G20 leaders declaration denounces ‘Russian aggression’ in Ukraine

International law must be upheld, the communique says, adding the threat of the use of nuclear weapons was inadmissible.

Some world leaders lamented geopolitical tensions overshadowing the G20 summit [File: Bullit Marquez via Reuters]

Leaders of the Group of 20 (G20) major economies have issued a declaration deploring “in the strongest terms” Russia’s aggression against Ukraine.

The final communique, approved on Wednesday after a two-day summit in Indonesia, said the majority of members strongly condemned the war in Ukraine, but noted there were other views.

It was noteworthy in highlighting the invasion given the divisions among the group, which includes not only Russia itself but also countries such as China and India that have significant trade ties with Moscow and have stopped short of outright criticism of the war.

The statement acknowledged “there were other views and different assessments” and said the G-20 is “not the forum to resolve security issues”.

International law must be upheld, the communique said, also condemning the threat of the use of nuclear weapons. It welcomed the Black Sea grain initiative as the war has prevented much-needed grain heading to world markets.

“Many members… expressed concern about the damage caused by the conflict on critical health infrastructure, as well as casualties in health care workers, which have disproportionately affected the most vulnerable, women and children,” said the declaration.

The war on Ukraine was hurting the global economy, it added. The communique also said members’ central banks would continue to calibrate the pace of monetary policy tightening.

‘Terrorist state’

Russian Foreign Minister Sergey Lavrov, who headed the Russian delegation to the summit in the absence of President Vladimir Putin, earlier in the week condemned “politicisation” of the G20 meeting.

UN Secretary-General Antonio Guterres, also in Bali for the summit, warned it was “absolutely essential to avoid escalating the war in Ukraine”.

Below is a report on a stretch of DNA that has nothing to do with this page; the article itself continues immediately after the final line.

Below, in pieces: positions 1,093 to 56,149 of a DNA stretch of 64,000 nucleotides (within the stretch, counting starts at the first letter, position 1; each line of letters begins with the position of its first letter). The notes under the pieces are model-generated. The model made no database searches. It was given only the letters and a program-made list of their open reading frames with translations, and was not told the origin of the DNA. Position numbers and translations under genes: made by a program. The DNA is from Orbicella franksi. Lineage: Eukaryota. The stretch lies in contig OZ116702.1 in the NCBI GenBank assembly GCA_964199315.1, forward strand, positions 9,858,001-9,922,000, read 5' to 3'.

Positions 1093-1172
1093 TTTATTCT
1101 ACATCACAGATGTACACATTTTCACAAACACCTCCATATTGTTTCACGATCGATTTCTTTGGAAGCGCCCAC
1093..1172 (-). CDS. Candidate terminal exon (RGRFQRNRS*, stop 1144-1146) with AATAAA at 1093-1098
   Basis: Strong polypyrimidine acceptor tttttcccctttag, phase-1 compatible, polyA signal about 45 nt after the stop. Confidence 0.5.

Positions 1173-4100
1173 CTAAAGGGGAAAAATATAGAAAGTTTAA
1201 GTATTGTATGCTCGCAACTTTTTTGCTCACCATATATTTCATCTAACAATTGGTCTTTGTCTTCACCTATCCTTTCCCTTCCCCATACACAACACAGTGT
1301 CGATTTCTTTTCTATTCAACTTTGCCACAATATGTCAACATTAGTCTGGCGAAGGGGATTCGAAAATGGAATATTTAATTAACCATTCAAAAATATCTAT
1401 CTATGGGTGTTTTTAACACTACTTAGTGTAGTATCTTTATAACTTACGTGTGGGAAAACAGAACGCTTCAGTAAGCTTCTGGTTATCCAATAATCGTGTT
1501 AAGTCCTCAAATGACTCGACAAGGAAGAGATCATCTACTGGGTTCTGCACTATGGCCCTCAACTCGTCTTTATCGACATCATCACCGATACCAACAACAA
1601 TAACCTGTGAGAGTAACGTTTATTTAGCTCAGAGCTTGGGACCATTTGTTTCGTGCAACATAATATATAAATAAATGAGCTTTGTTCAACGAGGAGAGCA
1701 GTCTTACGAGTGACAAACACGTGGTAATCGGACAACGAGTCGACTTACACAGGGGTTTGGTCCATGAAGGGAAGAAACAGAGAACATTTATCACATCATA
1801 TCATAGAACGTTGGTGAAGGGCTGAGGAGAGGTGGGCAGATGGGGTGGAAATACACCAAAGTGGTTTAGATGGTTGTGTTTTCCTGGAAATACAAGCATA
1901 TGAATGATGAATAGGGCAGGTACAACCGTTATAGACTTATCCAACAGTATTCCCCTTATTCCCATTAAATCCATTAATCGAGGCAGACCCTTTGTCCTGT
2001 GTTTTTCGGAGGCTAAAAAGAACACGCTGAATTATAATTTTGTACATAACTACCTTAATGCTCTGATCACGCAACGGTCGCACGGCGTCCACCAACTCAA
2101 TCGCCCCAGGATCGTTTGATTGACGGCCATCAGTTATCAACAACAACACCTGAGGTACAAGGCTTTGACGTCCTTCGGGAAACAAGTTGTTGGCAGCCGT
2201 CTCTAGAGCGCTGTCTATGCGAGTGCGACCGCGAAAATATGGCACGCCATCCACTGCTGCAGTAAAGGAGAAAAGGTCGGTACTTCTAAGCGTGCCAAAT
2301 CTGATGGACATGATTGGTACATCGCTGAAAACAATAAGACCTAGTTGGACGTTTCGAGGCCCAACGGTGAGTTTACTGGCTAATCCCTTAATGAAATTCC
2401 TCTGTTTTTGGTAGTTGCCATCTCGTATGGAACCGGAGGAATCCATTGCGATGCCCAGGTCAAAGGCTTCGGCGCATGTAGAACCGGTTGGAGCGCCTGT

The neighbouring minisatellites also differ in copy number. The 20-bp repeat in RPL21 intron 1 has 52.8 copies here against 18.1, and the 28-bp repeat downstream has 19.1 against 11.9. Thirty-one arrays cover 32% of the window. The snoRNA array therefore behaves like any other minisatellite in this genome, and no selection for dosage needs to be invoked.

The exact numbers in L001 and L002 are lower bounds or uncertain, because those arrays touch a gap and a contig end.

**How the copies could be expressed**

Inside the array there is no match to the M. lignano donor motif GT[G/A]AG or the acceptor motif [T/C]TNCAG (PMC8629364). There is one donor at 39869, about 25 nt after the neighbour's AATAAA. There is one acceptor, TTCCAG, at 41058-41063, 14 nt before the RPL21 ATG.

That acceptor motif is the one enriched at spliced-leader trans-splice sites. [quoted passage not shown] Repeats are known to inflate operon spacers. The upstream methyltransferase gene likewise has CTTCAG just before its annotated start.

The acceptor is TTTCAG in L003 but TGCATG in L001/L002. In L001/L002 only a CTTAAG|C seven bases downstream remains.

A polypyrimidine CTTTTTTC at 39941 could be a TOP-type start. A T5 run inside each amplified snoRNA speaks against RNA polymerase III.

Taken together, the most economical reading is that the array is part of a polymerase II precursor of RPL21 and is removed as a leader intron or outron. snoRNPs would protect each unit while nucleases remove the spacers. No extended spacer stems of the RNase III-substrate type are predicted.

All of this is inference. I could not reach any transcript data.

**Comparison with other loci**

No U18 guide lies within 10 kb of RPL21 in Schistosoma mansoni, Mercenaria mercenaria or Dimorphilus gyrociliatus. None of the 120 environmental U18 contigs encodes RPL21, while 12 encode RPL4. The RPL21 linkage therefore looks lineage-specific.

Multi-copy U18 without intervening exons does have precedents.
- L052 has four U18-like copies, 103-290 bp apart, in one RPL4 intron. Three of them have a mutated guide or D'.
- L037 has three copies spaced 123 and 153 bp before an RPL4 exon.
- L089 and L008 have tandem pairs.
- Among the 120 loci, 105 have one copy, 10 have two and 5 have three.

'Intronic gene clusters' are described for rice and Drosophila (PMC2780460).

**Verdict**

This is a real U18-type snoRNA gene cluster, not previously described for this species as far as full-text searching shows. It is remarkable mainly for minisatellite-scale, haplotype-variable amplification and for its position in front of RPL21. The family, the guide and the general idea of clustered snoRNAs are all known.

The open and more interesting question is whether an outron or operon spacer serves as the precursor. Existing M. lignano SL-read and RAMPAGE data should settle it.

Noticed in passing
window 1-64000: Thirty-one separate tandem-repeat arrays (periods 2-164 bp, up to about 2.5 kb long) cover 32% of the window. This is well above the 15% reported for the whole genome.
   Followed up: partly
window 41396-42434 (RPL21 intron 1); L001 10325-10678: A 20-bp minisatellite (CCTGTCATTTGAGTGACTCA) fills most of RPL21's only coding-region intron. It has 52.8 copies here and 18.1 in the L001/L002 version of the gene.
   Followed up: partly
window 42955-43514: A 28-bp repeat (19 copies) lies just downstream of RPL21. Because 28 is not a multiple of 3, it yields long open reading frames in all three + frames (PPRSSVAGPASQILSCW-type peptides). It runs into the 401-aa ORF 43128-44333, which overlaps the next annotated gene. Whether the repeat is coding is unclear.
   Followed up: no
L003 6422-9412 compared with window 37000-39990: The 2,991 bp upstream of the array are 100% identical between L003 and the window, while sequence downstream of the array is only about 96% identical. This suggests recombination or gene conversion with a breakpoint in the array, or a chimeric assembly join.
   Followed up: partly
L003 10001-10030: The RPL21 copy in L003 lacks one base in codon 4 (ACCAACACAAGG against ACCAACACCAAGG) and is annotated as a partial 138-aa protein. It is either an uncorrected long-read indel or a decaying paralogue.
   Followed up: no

His comments came after an explosion in Poland, a NATO member, which immediately sparked concerns the alliance might be drawn directly into Russia’s nearly nine-month war against Western-backed Ukraine.

Confusion surrounded the incident as to which side fired a missile into Poland that killed two people.

The blast was an attempt to spark a direct clash between Russia and NATO, the head of the permanent mission of Russia to the United Nations said on Wednesday.

“There is an attempt to provoke a direct military clash between NATO and Russia, with all the consequences for the world,” Dmitry Polyansky said on his Telegram channel.

Ukrainian President Volodymyr Zelenskyy told G20 leaders on Wednesday there was a “terrorist state” among them.

Speaking by video link, Zelenskyy called the strike on Poland “a true statement brought by Russia for the G20 summit”.

Poland has said there is no clear evidence on who launched the missile. The Associated Press quoted unnamed US officials as saying the missile may have been fired by Ukraine forces in an attempt to shoot down a Russian missile.


‘Rise of billionaire wealth’

G20 leaders also agreed to pursue efforts to limit the rise in global temperatures to 1.5 degrees C (2.7 degrees F), including speeding up efforts to “phase down” the unabated use of coal.

“This will require meaningful and effective actions and commitment by all countries,” the declaration said.

International charity Oxfam denounced the G20 leaders for failing to address rising global poverty, noting the grouping represents two-thirds of the world’s population and four-fifths of the world’s economic power.

“In the midst of a debt, austerity and inequality crisis we expected far more from the world’s largest economies, especially given the meteoric rise of billionaire wealth in their backyards,” said Oxfam’s G20 lead Joern Kalinski.

“The world needs concrete action to avert economic disaster for poor people and countries, but all we were left with was a recycled assurances, a simmering debt crisis and vaccine and health steps as useful as putting a band aid on a broken leg.”

Source: News Agencies